We all want our apps to be stable and to run reliably on all of our customers’ devices. However, due to the inherent complexity of most software, we can never guarantee that even the production code will be 100% without bugs. Whether they’re the result of a programmer error, a flaw in the OS, or a bug in a third-party library, crashes will inevitably pop up from time to time.
It is our job as software engineers to promptly find a solution when this happens. This is where crash logs come in handy.
When an app crashes on an iOS…
You don’t have to be a hacker to stay private online
I would like to begin this article by stating that complete online privacy is a myth. There will always be a chance that someone with the right skills will spy in on your activities no matter what you do.
There are a few quick and easy steps, however, that even people with minimal technical ability (if you can download apps and send emails you’re fine) can execute to increase their chances of staying private.
By staying private, you can evade the watchful eyes of big tech giants who log…
This article is my take on the chapter with the same title from the brilliant book The Pragmatic Programmer. You should absolutely give that a read if you haven’t already.
I often use programming or investing analogies when I talk about real-life stuff. Using investing analogies to talk about programming stuff is super fun for me, and hopefully, it will be fun for you too.
Your most important asset as a software developer is the knowledge and experience stored inside your brain. However, this is an expiring asset. …
Have you ever wondered about what happens under the hood between tapping an app icon and
I really like to take a deep dive into topics like this that seem trivial at first but can greatly advance your understanding of the iPhone’s operating system.
Every single iPhone app that exists today could technically be described as a single call to the
Wait, what? Yep, you read that right. Read on to find out why.
If you check the
UIApplicationMain(_:_:_:_:) function, you can see that it has a return type of
Int32. However, this function never actually returns…
If I look at code from other languages I don’t often work with, say Python, and if the code is well-written, I usually instantly know what’s going on.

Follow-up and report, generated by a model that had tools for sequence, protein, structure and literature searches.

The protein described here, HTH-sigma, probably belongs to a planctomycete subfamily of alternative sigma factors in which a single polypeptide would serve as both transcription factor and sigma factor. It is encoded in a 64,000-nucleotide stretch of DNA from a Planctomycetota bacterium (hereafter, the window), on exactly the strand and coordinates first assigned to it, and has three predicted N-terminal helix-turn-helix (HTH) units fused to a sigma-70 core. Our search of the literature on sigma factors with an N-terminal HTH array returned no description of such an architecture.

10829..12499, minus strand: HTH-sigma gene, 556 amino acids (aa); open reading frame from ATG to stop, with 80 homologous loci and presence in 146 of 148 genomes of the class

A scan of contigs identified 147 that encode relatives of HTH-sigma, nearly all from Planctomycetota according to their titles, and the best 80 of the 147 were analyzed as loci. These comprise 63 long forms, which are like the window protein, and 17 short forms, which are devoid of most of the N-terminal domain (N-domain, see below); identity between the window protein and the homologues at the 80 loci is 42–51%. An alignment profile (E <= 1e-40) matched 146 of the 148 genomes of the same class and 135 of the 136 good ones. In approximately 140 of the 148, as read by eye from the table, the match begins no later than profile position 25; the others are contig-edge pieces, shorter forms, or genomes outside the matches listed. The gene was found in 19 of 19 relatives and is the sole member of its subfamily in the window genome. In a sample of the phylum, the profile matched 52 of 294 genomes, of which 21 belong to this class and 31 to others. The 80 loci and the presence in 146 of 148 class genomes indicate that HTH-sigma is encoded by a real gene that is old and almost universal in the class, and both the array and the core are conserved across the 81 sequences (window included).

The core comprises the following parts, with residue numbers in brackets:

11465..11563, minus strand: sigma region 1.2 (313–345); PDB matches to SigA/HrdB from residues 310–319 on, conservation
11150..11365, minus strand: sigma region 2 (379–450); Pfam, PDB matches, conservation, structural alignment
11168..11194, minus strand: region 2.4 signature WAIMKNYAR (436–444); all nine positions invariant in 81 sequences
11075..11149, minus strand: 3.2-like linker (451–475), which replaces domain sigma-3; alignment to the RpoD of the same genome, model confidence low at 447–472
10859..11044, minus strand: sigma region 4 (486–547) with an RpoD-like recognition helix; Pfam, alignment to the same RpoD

If I look at well-written Objective-C code, my gut reaction is “What the heck is this? Is this actual code or just some randomly generated gibberish?”
Or at least, that’s the way it used to be.
As you can see, I’m not the biggest…
A segue creates a new view controller instance, but it can not “decreate” that view controller, or some preceding ones. Once a segue is triggered, it can not go back. It is like a one-way street.
Let’s assume you have View Controller A, B, and C. You segue from A to B and from B to C, but when you dismiss C you want to return to A and not B. A simple back button in a navigation controller is no use here because that always takes you to B.
Unwind segues offer an elegant solution to these problems and…
In this article, we will find out what copy-on-write is and why it’s absolutely awesome. We will also learn how it works and how we can implement our own custom objects with copy-on-write behavior.
Copy-on-write is the magic behind value types. For starters, consider the following simple example:
var x = ["a", "b", "c"]
let y = x
print(x) //["a", "b", "c", "d"]
print(y) //["a", "b", "c"]
As you probably already know, collections like Array have value semantics.
What that means is that unlike reference types, which store a reference to the object, value types store a copy of…
In this article, we will deep dive into Big-O Notation, write our first algorithm and illustrate the importance of the growth of an algorithm’s run time through a concrete example from the Swift Standard Library.
An understanding of Big-O Notation is essential for the comparison and design of algorithms, hence indispensable for the articles that will follow, so that’s why I think it is a great starting point.
Now let’s get going.
Big-O Notation is a metric we use to judge the growth rate of an algorithm’s running time as we increase the input size. This is called time complexity.